restricted frequency bands, potentially interfering with and
jeopardizing critical authorized safety-of-life operations." The NAL
further concluded that San Jose's apparent violations of the equipment
marketing restrictions involved a significant number of unauthorized
devices and "were continuous in nature, occurring over a three-year
period" and thus warranted a substantially upward adjusted proposed
forfeiture amount. Accordingly, the NAL proposed a $75,000 forfeiture.
7. In its response to the NAL, San Jose does not dispute the violations,
but seeks cancellation or reduction of the proposed $75,000
forfeiture. San Jose claims that its violations were not intentional,
that its corrective measures demonstrate good faith, and that its
payment of the forfeiture would cause economic hardship.
8. The forfeiture amount proposed in this case was assessed in accordance
with Section 503(b) of the Act, Section 1.80 of the Rules, and the
Commission's Forfeiture Policy Statement guidelines. In assessing
forfeitures, the Commission is required to take into account the
nature, circumstances, extent and gravity of the violation(s); the
violator's degree of culpability, history or prior offenses and
ability to pay; and such other matters as justice may require. We have
considered San Jose's claims in light of the above factors and
Commission precedent, and, as explained below, have determined that
there is no basis for cancellation or reduction of the proposed
9. In its response, San Jose claims that it did not knowingly, and did
not intend to, violate the Commission's equipment marketing
restrictions. As the NAL correctly noted, lack of knowledge regarding,
or intent to violate, the Commission's requirements does not
exonerate, excuse or mitigate past violations and is not a defense to
forfeiture penalties. Section 503(b)(1)(B) of the Act subjects persons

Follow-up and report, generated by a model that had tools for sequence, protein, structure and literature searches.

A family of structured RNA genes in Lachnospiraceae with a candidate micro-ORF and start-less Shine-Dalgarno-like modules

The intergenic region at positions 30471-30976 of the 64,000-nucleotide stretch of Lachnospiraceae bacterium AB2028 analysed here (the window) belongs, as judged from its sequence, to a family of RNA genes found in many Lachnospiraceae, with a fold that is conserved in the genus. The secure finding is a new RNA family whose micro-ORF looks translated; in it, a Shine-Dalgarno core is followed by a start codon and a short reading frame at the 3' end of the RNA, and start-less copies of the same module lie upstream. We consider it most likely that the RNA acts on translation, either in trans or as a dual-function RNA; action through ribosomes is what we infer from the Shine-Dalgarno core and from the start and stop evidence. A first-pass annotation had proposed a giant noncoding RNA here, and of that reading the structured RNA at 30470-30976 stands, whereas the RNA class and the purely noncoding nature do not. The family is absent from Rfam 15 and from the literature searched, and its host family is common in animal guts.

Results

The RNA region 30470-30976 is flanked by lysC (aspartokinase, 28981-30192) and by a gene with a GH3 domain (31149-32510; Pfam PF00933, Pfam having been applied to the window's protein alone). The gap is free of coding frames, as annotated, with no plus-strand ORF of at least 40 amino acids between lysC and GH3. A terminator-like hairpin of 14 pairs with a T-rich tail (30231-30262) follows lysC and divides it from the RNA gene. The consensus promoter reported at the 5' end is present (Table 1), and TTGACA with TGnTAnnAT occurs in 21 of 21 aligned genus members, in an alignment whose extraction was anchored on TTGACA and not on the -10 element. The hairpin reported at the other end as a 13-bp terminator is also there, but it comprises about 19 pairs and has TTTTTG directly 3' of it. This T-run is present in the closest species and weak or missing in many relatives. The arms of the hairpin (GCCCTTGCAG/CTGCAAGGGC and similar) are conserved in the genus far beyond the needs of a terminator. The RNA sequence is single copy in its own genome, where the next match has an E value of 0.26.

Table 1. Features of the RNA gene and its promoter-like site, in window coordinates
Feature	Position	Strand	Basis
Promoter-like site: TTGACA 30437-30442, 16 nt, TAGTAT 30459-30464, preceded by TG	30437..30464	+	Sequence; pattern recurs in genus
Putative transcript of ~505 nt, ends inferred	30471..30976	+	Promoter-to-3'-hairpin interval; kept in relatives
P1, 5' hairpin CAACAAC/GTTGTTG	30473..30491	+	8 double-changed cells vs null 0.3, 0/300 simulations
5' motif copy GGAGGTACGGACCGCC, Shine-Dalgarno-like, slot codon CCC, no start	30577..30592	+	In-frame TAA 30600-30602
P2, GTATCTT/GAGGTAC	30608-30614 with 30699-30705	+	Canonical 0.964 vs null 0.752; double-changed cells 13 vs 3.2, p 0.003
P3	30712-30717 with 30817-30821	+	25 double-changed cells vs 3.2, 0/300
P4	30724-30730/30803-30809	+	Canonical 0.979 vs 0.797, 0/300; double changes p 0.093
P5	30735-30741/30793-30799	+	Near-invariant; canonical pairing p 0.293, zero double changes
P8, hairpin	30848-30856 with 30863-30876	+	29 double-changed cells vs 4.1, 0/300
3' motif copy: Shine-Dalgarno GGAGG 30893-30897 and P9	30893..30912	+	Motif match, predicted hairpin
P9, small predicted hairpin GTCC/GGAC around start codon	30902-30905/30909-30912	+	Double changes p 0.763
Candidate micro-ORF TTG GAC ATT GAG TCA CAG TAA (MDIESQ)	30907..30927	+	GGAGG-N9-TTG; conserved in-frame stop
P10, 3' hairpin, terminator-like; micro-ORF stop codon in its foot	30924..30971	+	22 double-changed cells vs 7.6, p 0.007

found by the Commission to have willfully or repeatedly violated the
Commission's requirements to forfeiture penalties. The term willful is
defined as "conscious and deliberate commission or omission of [any]
act, irrespective of any intent to violate the law." Consistent with
Section 503(b)(1)(B), we find that San Jose consciously and
deliberately marketed unauthorized devices, and thus that its
violations of the Act and Rules were willful and properly subject to
forfeiture penalty. Additionally, we find, as the NAL found, that San
Jose's violations were repeated, having continued over a three-year
10. In addition, San Jose claims that it demonstrated good faith by
promptly instituting corrective measures after the Enforcement Bureau
launched its investigation. Specifically, San Jose asserts that after
receiving the Enforcement Bureau's letter of inquiry, the company
ceased shipping kits to the United States, contacted its distributors,
and authorized the return and refund of approximately 2,500 GPS signal
re-radiator kits. The Commission expects the implementation of
corrective measures to bring past violations into compliance. It is
the Commission's long-standing policy, however, that corrective
measures implemented after Commission inquiry or enforcement action do
not nullify past violations and thus do not warrant reduction or
cancellation of forfeiture liability. We also note that although San
Jose did not indicate it was working with its distributors with
respect to the 2,500 re-radiator kits already sold to retail outlets
and customers, we encourage San Jose to make reasonable efforts with
its distributors to make sure that retail customers are aware of the
potential interference these kits pose to government GPS operations
and that as many of these kits as possible are returned to San Jose.
11. San Jose also claims that it is a small firm, with "capital of less
than USD 600,000," and that it has sustained substantial economic